Consumer Reports tests new cars. Sometimes flaws are exposed but the US government backed Fisker, a subsidized $107,850 car for the ultra-rich, gave Consumer Reports a new experience when it suffered a catastrophic malfunction with less than 200 miles on the odometer. 
We the taxpayers are playing venture capitalists through the US government’s backing of start-up electric car companies. Fisker, which builds its cars in Finland, received a $529 million US government loan. 
Consumer Reports wrote:
We have owned our [Fisker] car for just a few days; it has less than 200 miles on its odometer…. After calling the dealer, which is about 100 miles away, they promptly sent a flatbed tow truck to haul away the disabled Fisker.
We buy about 80 cars a year and this is the first time in memory that we have had a car that is undriveable before it has finished our check-in process.
We encountered other problems with a Karma press car that visited the track for a few hours, and we have heard of problems at press events. In addition, we see that some owners are experiencing a variety of issues, as evidenced by forums such as FiskerBuzz.com.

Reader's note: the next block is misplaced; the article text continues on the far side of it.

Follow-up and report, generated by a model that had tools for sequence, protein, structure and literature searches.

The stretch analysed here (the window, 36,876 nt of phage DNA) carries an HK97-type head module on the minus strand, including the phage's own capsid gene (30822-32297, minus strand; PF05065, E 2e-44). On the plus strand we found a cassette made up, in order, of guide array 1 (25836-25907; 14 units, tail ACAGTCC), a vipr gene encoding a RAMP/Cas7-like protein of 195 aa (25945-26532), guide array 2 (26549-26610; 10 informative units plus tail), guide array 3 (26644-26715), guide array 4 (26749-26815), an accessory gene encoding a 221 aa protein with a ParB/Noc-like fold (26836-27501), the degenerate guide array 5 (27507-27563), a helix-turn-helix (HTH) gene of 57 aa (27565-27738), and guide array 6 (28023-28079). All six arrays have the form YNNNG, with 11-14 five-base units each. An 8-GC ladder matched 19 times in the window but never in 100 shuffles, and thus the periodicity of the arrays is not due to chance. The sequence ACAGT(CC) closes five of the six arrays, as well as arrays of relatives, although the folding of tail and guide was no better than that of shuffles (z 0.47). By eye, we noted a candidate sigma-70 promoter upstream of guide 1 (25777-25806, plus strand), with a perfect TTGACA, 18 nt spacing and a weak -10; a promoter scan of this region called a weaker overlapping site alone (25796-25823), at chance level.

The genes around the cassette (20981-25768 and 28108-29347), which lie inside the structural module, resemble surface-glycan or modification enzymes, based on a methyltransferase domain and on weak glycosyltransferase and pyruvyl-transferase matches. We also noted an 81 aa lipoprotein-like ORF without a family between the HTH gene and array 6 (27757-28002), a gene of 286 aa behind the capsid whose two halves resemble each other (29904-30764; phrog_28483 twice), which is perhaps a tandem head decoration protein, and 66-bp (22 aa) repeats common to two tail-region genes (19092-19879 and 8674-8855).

Financing a brand new venture is always a risk. The US government deals to back private car companies are wrong on many levels.
First, the risk is asymmetric: if a company like Fisker is successful, the benefit goes to its investors. They might become very rich. At best, the US taxpayer gets its money back, but the interest rate charged Fisker is below market rates, meaning it is a lousy deal, even if successful. At worst, companies like Fisker fail and the taxpayer is never repaid.
Second, it is an improper role of the government to back private, for-profit companies. It is picking winners and losers. It amazes me we hear so much about bank bailouts and the “1%”, yet few decry this sort of corporate welfare.
Thirdly, there is no need. Venture capital and banking are long-established in the US. Private companies with promising outlooks will find financing without burdening the already stressed US Treasury.
Fourth, the money is subject to politics and it may or may not be coincidence Obama campaign contributors just happen to back a private electric car company that received a government loan. 
For more on electric car subsidies, specifically Tesla, see also: https://econscius.wordpress.com/2012/02/01/road-trip-to-see-your-tax-dollars-at-work-140000-car-for-the-1/. Pictures from Wikipedia.